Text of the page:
The Chinese Centre for Disease Control and Prevention (CDC) informed the World Health Organization (WHO) that a H7N9 bird flu mutation was found in samples collected from two patients in Guangdong province in January. Not good.
This is the first genetic mutation of the H7N9 bird flu virus reported by China.
The mutation suggested the virus had become deadlier to poultry but there was no indication it posed a greater risk to people, or made transmission among humans more likely.
Both patients had been exposed to dead poultry. One had been discharged while the other was still receiving treatment. 105 people who were in close contact with the patients were being monitored, but none had developed symptoms of bird flu.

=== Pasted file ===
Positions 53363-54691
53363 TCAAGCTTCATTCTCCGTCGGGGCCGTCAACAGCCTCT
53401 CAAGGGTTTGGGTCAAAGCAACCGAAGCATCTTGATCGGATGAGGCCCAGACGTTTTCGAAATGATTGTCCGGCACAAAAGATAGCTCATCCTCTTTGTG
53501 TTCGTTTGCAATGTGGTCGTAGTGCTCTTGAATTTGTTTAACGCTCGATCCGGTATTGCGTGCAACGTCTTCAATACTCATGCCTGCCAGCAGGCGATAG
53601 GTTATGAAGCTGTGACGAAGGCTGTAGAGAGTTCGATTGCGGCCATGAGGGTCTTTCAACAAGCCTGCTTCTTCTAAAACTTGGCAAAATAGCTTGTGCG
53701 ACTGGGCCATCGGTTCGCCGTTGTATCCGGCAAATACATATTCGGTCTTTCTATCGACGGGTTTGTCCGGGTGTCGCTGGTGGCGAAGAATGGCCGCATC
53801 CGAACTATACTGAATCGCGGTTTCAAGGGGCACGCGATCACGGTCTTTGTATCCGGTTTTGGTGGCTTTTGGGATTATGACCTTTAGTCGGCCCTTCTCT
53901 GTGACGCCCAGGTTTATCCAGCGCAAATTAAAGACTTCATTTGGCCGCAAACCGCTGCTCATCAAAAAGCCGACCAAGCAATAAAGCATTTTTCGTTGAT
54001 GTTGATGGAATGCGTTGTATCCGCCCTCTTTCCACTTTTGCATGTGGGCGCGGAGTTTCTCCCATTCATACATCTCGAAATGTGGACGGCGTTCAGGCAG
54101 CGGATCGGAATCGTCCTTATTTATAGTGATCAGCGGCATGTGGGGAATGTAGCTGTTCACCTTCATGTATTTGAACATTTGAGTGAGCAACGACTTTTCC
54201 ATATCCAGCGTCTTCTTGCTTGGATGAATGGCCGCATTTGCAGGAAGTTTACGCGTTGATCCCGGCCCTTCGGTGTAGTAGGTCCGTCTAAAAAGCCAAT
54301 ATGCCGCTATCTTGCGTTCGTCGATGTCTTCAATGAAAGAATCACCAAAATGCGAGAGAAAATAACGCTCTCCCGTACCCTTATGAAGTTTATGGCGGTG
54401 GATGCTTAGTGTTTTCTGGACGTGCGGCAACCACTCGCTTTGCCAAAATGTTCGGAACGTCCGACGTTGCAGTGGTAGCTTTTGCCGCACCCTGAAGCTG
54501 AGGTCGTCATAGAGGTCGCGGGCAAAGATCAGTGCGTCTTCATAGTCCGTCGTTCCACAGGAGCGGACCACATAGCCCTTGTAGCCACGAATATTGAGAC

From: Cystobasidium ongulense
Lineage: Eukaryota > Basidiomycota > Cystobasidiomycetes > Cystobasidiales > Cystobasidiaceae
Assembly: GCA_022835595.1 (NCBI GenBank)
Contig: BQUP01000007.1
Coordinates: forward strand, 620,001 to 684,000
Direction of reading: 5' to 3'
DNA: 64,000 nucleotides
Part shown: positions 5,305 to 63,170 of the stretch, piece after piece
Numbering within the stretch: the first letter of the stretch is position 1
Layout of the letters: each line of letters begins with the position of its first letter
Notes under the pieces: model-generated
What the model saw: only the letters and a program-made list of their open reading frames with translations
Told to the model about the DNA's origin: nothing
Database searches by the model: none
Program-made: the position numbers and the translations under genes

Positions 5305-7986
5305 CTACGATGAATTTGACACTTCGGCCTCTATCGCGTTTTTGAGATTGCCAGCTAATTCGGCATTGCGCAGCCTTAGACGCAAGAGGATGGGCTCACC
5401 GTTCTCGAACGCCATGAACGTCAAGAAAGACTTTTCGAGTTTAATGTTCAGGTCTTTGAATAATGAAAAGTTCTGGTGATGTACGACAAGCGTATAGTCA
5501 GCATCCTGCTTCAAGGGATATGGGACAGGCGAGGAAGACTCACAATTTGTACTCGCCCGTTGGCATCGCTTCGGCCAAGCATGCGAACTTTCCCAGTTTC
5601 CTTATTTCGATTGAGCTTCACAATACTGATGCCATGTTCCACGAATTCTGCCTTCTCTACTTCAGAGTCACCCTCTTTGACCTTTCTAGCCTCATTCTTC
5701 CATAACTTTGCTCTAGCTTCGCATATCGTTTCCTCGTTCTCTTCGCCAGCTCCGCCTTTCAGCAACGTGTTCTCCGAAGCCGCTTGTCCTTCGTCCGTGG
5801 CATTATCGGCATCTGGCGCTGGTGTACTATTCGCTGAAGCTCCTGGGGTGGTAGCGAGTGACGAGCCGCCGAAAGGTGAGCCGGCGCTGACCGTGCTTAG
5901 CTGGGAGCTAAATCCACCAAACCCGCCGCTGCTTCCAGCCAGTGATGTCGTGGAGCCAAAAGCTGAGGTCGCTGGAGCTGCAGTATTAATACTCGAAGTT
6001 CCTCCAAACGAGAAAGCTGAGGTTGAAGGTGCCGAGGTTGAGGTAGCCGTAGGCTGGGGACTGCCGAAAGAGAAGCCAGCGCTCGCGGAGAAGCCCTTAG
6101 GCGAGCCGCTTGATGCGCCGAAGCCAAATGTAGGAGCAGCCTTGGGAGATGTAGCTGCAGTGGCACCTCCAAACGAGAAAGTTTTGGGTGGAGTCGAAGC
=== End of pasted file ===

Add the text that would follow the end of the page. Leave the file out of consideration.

The Chinese have been battling a surge in H7N9 infections this winter and have shuttered live poultry markets across the country after dozens of people in recent weeks were killed by the disease.
In January alone, the H7N9 avian flu virus has resulted in 79 deaths out of the 192 reported cases in China. It is the worse bird-flu season since the virus first appeared in China in 2013. In total, 370 people have died in China from the H7N9 strain.
Time to look at that pandemic plan again!